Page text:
Politics & Policy

The End of Liberalism

The president's convention speech is a conservative charter.

EDITOR’S NOTE: This article appears in the September 27, 2004, issue of National Review.

What if they held a revolution, and nobody noticed? Most pundits have said that President Bush, in his convention speech, got bogged down in a “laundry list” of domestic-policy proposals. These proposals were generally understood merely as an answer to criticisms that Bush had not set forth his second-term agenda. Even conservatives sympathetic to the president have complained about the various spending initiatives contained in the speech. (The five or six conservatives proud to support big government applauded the same things.) These sorts of commentaries have missed a rather large point. President Bush did something extraordinary at Madison Square Garden: He proposed a practical plan to end American liberalism (as we know it).

Obviously, Bush did not explicitly promise an end to liberalism. That would have sounded frighteningly martial, and, in any case, most voters do not understand the world in terms of such abstractions as “liberalism” and “conservatism.” So there are parts of Bush’s argument of particular interest to ideological conservatives that need to be filled in. Also, the drama of the speech was undercut by the fact that the president had discussed many of the domestic policies mentioned in it before, especially the most important of those policies, the introduction of personal investment accounts within Social Security. There was thus “nothing new” in the speech. Nothing, that is, except for a renewed commitment to those policies–which is not to be dismissed–and a framework for understanding them.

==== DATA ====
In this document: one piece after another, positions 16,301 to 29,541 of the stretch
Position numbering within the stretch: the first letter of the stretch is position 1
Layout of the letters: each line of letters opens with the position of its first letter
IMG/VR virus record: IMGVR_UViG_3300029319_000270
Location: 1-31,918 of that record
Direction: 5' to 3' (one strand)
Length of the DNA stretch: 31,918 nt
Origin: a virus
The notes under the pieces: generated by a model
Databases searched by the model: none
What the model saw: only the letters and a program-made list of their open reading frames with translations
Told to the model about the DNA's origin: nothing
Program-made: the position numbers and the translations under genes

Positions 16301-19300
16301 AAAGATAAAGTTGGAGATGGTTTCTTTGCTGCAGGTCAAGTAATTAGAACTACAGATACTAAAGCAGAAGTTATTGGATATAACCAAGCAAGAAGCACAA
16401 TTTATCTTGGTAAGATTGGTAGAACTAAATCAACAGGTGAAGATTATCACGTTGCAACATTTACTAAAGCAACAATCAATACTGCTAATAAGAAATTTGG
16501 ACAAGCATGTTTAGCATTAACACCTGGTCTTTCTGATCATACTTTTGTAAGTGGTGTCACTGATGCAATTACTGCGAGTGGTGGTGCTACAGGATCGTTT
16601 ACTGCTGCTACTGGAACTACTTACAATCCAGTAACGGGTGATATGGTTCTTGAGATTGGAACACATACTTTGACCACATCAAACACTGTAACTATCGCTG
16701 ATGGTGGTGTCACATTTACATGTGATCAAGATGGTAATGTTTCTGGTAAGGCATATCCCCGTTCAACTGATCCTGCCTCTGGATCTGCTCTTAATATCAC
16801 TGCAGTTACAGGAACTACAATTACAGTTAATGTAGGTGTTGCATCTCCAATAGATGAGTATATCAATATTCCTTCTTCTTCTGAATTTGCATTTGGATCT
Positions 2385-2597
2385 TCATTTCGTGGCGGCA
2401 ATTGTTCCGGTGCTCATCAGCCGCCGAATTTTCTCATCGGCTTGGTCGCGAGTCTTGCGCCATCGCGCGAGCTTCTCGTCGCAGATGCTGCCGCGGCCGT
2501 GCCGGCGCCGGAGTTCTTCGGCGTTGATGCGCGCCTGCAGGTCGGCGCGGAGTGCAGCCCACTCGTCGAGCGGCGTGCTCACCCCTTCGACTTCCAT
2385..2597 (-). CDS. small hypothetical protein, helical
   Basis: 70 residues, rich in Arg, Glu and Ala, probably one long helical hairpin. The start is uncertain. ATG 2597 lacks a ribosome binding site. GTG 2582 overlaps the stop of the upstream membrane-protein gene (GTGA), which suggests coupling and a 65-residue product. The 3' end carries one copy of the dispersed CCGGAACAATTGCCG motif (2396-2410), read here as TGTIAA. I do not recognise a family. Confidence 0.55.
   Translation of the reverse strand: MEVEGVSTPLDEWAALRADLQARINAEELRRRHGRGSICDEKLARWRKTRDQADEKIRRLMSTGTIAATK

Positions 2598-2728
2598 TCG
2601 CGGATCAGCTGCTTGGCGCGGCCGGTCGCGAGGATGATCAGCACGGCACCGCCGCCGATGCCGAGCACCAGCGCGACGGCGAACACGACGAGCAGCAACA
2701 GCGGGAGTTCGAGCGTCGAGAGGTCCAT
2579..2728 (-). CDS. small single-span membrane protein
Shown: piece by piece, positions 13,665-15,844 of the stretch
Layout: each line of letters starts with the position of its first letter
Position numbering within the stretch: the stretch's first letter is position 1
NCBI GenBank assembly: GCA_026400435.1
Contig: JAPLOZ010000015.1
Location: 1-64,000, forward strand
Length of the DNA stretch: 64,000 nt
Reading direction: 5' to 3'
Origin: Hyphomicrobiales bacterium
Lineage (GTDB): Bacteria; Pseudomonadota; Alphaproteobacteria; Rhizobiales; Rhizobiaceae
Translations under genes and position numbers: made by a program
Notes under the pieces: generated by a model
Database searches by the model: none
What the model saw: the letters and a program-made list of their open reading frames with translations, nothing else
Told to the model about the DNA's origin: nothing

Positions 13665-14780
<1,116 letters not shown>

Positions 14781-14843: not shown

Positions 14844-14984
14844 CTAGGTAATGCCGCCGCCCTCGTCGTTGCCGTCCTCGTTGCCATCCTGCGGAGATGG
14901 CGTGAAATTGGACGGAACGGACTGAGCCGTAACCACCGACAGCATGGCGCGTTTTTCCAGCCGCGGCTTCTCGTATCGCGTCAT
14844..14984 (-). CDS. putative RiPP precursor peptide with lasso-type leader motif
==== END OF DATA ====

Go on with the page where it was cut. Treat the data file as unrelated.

Perhaps it would be best to start with the short-term politics of the speech. In the weeks leading up to the Republican convention, it was widely suggested that Bush is vulnerable on the issue of jobs. The economic recovery has been slow to create them. The unemployment rate may be down, but the payroll survey each month keeps showing disappointing numbers of new jobs. Bush may have a shrewder understanding of his problem. In his speech, he acted as though neither the unemployment rate nor sluggish payroll growth was his major economic weakness. Rather, he spoke as though he thought the problem is economic insecurity. A small number of voters is unemployed; many more fear losing their jobs, and their health insurance.

That insecurity may be heightened when the economy is slow or in recession. But the baseline level of economic insecurity, in good times and bad, seems to have increased in recent years. Liberal social scientist Jacob Hacker has found that family incomes were five times more unstable in the mid 1990s than in the early 1970s. Since most people fear loss more than they look forward to gain, this rising instability is profoundly distressing. Hacker believes that his research points toward the need for a liberal agenda going far beyond anything John Kerry has proposed. (He wants an “Economic Security Act,” for starters.)

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Ramesh Ponnuru is a senior editor for National Review, a columnist for Bloomberg Opinion, a visiting fellow at the American Enterprise Institute, and a senior fellow at the National Review Institute.

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